(Prayer: Appeal filed under Clause 15 of the Letters Patent against the order dated 14.10.2019 passed in W.P.No.25073 of 2019 on the file of this Court.)A.P. Sahi., C.J.,1. Heard learned counsel for the appellants.2. Appellants 1 and 2 are the Registrar and Deputy Registrar of Co-operative Societies (Housing) and the third appellant is the Society, where the respondent petitioner was working as a Secretary.3. The writ petition was filed claiming that the petitioner's retiral benefits cannot be withheld on account of the instructions issued by appellants 1 and 2 by the third appellant. The writ petition has been allowed by the impugned judgment dated 14.10.2019 holding that unless there were any disciplinary proceedings pending or surcharge proceedings pending arising out of an enquiry under Sections 81/82 or Section 87 of the Tamilnadu Co-operative Societies Act, 1983, no such action for withholding the retiral benefits was permissible in law. The learned single Judge allowed the writ petition.4. The present appeal has been filed jointly by the Registrar and the Deputy Registrar along with the Co-operative Society where the respondent petitioner was working as a Secretary. The learned single Judge has extracted a part of the counter-affidavit filed by the third appellant who was the third respondent in the writ petition, wherein it is stated that the respondent petitioner had fixed his pay and allowance from January 1996 to July 2019 in violation of the circular of the Registrar dated 22.02.1995 thereby causing a huge financial loss to the appellant no.3 Society. In essence, the amount drawn was Rs.92,96,850/-, whereas it ought to be Rs.53,23,360/-.5. The contention raised on behalf of the learned counsel for the appellants is two-fold, one on the maintainability of the writ petition and the second on the merits of the matter.6. On the issue of maintainability, learned counsel for the appellants has cited several judgments, but the main judgment which would govern the field is the Five Judges Full Bench judgment of this Court in the case of K.Marappan vs. The Deputy Registrar of Cooperative Societies, Namakkal Circle, (2006) 4 CTC 689. It is urged by Mr.L.P.Shanmugasundaram, learned Special Government Pleader appearing for the appellants that the respondent petitioner was an employee whose service conditions were governed by a set of bye-laws of the appellant no.3 Society and therefore, the post retiral benefits which are part of the service conditions cannot be enforced through a writ petition. He has specifically relied on paragraph 21 (vi) of the Full Bench pronouncement.7. On this issue, learned counsel for the respondent petitioner, Mr.M.S.Palanisamy, has countered the aforesaid submissions contending that Gratuity and Provident Fund are part of statutory benefits as envisaged under Sections 78 and 79 of the Tamilnadu Cooperative Societies Act, 1983. He, therefore, submits that an order that was under challenge issued by the Deputy Registrar being in violation of such provisions, a writ petition was maintainable. He has relied on the same Full Bench judgment and has invited the attention of the Court to Clause (iv) of paragraph 21 to urge that the said Full Bench decision supports the cause of the respondent petitioner.8. In order to resolve this preliminary question of maintainability of the writ petition, it would be appropriate to extract paragraph 21 of the Full Bench decision in K.Marappan's case (supra), which is gainfully reproduced hereinunder:“21. From the above discussion, the following propositions emerge:i. If a particular co-operative society can be characterised as a ‘State’ within the meaning of Article 12 of the Constitution (applying the tests evolved by the Supreme Court in that behalf), it would also be ‘an authority’ within the meaning and for the purpose of Article 226 of the Constitution. In such a situation, an order passed by a society in violation of the bye-laws can be corrected by way of Writ Petition;ii. Applying the tests in Ajay Hasia it is held that a cooperative society carrying on banking business cannot be termed as an instrumentality of the State within the meaning of Article 12 of the Constitution;iii. Even if a society cannot be characterised as a ‘State’ within the meaning of Article 12 of the Constitution, a Writ would lie against it to enforce a statutory public duty cast upon the society. In such a case, it is unnecessary to go into the question whether the society is being treated as a ‘person’ or ‘an authority’ within the meaning of Article 226 of the Constitution and what is material is the nature of the statutory duty placed upon it and the Court will enforce such statutory public duty. Although it is not easy to define what a public function or public duty is, it can reasonably said that such functions are similar to or closely related to those performable by the State in its sovereign capacity.iv. A society, which is not a ‘State’ would not normally be amenable to the writ jurisdiction under Article 226 of the Constitution, but in certain circumstances, a writ may issue to such private bodies or persons as there may be statutory provisions which need to be complied with by all concerned including societies. If they violate such statutory provisions a writ would be issued for compliance of those provisions.v. Where a Special Officer is appointed in respect of a cooperative society which cannot be characterised as a ‘State’ a writ would lie when the case falls under Clauses (iii) and (iv) above.vi. The bye-laws made by a co-operative society registered under the Tamil Nadu Co-operative Societies Act, 1983 do not have the force of law. Hence, where a society cannot be characterised as a ‘State’, the service conditions of its employees governed by its bye-laws cannot be enforced through a Writ Petition.vii. In the absence of special circumstances, the Court will not ordinarily exercise power under Article 226 of the Constitution of India when the Act provides for an alternative remedy.viii. The decision in M. Thanikkachalam v. Madhuranthagam Agricultural Co-operative Society, 2000 (4) CTC 556, is no longer good law, in view of the decision of the Seven- Judge Bench of the Supreme Court in Pradeep Kumar Biswas case and the other decisions referred to here before.”9. On a perusal of Clause (iv) of Para 21 as quoted above, it is evident that a writ petition has been held to be maintainable if a complaint is made with regard to violation of statutory provisions or for compliance of such provisions. On the other hand, Clause (vi) thereof indicates that the service conditions of employees that are governed by bye-laws cannot be enforced through a writ petition.10. Having compared and assessed the rival submissions, we find that the respondent petitioner had come up before this Court for the enforcement of his rights which stand protected under Sections 78 and 79 through a Statute, namely, The Tamilnadu Co-operative Societies Act, 1983. The said provisions are reproduced hereinunder:“78. Provident Fund.- (1) A registered society not being an establishment to which the Employees' Provident Funds and Miscellaneous Provision Act, 1952 (Central Act XIX of 1952) applies, may establish a provident fund for the benefit of its employees to which shall be credited all contributions made by the employees and the society in accordance with the by-laws.(2) A provident fund established by a registered society under sub-section (1) shall be invested in the financing bank, but shall not -(a) be used in the business of the society;(b) form part of the assets of the society;(c) be liable to attachment or be subject to any other process of any court of other authority.79. Gratuity Fund.- (1) A registered society not being an establishment to which the Payment of Gratuity Act. 1972 (Central Act 39 of 1972) applies, may provide by its by-laws for payment of gratuity to the employees at such rates and on such conditions as may be specified in the by-laws and such society may establish a gratuity fund or make other arrangements for the purpose.(2) A gratuity fund, if any, established by a registered society under sub-section (1) shall be invested in the financing bank, but shall not-(a) be used in the business of the society;(b) form part of the assets of the society;(c) be liable to attachment or be subject to any other proves of any court or other authority.”11. The order that was impugned in the writ petition was passed by the Deputy Registrar calling upon the Society not to permit the respondent petitioner to retire from service, the consequence whereof is that the respondent petitioner will not be able to receive his benefits including Provident Fund and Gratuity that are statutorily controlled by Sections 78 and 79 of the 1983 Act.12. In our considered opinion, this part of the service condition of the respondent petitioner being subject to a statutory provision, is such a service condition which is governed by a Statute and therefore, paragraph 21 (iv) of the Five Judges Full Bench judgment in the case of K.Marappan would directly apply on the facts of the present case. This is not a case where the bye-laws of the Society or the service conditions contained therein are being only sought to be enforced. The relief claimed in the writ petition is squarely on the above count and therefore, the respondent petitioner was entitled to maintain a writ petition with regard to his claim of Provident Fund and Gratuity, which is governed by the provisions of Sections 78 and 79 of the 1983 Act aforesaid.13. Consequently, the preliminary objection of maintainability of writ petition is answered against the appellants.14. Coming to the merits of the case, on the question of withholding part of any of those benefits , the argument of the learned counsel for the respondent petitioner is that there is no power vested with the Deputy Registrar to issue any direction, the consequence whereof may be to withhold statutory payments. In the absence of any such power, the Society itself cannot withhold the same on the ground of any such direction issued by the Deputy Registrar.15.However, from the counter-affidavit of appellant no.3 filed before the learned single Judge, we find that there is an allegation of violation of a circular on the basis whereof the contention is that the payments sought to be received by the respondent petitioner is in excess of to what he was entitled and in violation of the said circular. The learned single Judge does not appear to have entered into this controversy or rendered any opinion on the merits of the matter. We, therefore, find that the said issue has to be resolved on the basis of the claim and counter-claim by the respective parties and to that extent, we find that it would be appropriate that the matter is remitted back to the learned single Judge inasmuch as the relief claim by the res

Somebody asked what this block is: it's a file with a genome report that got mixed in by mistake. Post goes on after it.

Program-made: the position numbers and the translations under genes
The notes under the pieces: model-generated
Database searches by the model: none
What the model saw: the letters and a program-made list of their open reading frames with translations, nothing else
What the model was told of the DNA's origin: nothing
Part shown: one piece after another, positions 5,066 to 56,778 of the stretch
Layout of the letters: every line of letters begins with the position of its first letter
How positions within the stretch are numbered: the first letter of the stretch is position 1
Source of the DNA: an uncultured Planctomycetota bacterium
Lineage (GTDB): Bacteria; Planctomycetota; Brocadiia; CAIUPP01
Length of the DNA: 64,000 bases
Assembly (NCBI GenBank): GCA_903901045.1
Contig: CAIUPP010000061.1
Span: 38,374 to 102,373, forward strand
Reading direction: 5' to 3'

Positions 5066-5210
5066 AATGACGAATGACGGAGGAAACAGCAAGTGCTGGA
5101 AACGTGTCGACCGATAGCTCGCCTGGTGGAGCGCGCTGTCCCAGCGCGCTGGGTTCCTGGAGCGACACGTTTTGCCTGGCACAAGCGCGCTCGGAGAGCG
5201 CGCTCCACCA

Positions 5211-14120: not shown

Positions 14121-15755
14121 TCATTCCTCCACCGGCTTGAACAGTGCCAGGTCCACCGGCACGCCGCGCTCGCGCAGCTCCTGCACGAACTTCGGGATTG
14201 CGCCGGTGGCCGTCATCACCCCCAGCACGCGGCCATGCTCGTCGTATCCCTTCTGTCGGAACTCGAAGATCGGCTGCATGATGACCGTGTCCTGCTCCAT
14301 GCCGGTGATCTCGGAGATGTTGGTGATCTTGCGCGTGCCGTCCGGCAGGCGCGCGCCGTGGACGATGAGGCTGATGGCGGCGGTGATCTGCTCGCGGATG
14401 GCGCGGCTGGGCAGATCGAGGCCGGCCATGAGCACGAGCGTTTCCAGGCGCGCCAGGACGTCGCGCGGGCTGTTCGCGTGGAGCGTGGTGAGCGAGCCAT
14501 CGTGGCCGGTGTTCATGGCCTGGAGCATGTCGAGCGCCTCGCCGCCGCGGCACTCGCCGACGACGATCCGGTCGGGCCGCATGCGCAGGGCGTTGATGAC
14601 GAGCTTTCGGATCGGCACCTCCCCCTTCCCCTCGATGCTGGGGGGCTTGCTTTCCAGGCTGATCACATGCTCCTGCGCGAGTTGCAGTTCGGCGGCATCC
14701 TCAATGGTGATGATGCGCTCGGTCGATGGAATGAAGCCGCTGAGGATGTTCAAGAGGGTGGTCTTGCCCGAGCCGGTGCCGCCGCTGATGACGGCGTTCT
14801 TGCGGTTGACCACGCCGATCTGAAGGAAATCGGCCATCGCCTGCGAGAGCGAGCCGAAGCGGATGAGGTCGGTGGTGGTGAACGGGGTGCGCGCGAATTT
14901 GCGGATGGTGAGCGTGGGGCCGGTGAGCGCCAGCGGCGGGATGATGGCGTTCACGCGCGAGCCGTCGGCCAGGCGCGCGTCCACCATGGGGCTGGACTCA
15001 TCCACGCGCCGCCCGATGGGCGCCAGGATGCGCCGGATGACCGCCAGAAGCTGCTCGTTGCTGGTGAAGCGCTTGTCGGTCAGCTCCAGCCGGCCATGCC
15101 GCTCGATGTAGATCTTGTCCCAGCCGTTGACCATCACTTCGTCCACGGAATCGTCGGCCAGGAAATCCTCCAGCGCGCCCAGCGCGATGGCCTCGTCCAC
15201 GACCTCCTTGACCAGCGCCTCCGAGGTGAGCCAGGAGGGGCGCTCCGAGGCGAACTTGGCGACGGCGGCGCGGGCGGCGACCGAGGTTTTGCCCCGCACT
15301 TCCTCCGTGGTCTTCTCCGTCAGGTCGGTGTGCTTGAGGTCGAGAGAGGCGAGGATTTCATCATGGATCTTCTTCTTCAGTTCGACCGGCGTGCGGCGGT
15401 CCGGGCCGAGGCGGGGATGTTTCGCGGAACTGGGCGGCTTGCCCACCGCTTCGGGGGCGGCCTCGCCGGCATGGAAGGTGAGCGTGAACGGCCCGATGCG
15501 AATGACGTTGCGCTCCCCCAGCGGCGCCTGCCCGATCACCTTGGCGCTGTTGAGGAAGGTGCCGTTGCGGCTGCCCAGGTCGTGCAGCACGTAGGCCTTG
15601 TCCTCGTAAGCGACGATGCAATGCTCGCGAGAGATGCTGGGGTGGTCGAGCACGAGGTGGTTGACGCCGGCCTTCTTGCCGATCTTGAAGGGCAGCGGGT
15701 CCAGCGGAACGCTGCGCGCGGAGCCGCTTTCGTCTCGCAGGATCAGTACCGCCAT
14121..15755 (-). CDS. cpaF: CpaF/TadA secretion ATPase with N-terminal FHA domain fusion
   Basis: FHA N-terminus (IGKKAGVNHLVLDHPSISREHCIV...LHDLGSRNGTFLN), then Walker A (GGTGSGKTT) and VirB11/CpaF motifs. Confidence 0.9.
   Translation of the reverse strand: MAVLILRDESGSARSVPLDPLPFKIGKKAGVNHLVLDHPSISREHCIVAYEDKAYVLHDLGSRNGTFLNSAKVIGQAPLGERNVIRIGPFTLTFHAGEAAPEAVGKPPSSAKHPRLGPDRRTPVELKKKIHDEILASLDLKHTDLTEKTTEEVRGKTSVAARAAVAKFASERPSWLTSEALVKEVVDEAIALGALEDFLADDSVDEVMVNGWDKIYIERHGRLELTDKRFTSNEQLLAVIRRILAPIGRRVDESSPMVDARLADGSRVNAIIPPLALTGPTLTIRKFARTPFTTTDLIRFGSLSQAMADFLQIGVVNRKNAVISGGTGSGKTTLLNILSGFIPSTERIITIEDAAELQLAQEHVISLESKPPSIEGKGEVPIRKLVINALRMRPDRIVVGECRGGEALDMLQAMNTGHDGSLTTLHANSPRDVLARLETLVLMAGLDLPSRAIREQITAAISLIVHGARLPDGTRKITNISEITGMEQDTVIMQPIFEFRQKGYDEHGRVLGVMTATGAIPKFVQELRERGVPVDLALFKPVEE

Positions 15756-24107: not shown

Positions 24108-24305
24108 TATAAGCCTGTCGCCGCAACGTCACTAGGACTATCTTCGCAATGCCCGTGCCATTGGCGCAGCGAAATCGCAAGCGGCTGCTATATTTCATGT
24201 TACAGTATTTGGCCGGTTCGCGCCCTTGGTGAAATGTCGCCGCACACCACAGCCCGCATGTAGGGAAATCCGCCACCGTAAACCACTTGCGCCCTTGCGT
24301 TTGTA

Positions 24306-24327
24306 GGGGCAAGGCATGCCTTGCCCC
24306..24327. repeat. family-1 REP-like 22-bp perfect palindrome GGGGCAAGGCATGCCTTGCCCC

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pondent petitioner was not only with regard to his payment of Gratuity and Provident Fund, but also with regard to certain other benefits. This, therefore, had to be decided on merits after assessing the facts stated by the respondent petitioner in the writ petition, the reply thereto by the appellants and any other material that would be necessary for the purpose of any such direction in case it is permissible in law.16. We, therefore, hold that the contention of the appellants that the writ petition was not maintainable deserves rejection, but at the same time, we allow the appeal and set aside the impugned judgment dated 14.10.2019 and remit the matter back to the learned single Judge for deciding the same on merits keeping in view the nature of the claim made by the appellants as also any other material which may be found on record as expeditiously as possible.The Writ Appeal is, therefore, allowed in part and W.P.No.25073 of 2019 is restored to its original status, with a request to the learned single Judge to dispose of the same at the earliest, which shall be listed before the learned single Judge in the first week of November, 2020. No costs. Consequently, C.M.P.No.3860 of 2020 is closed.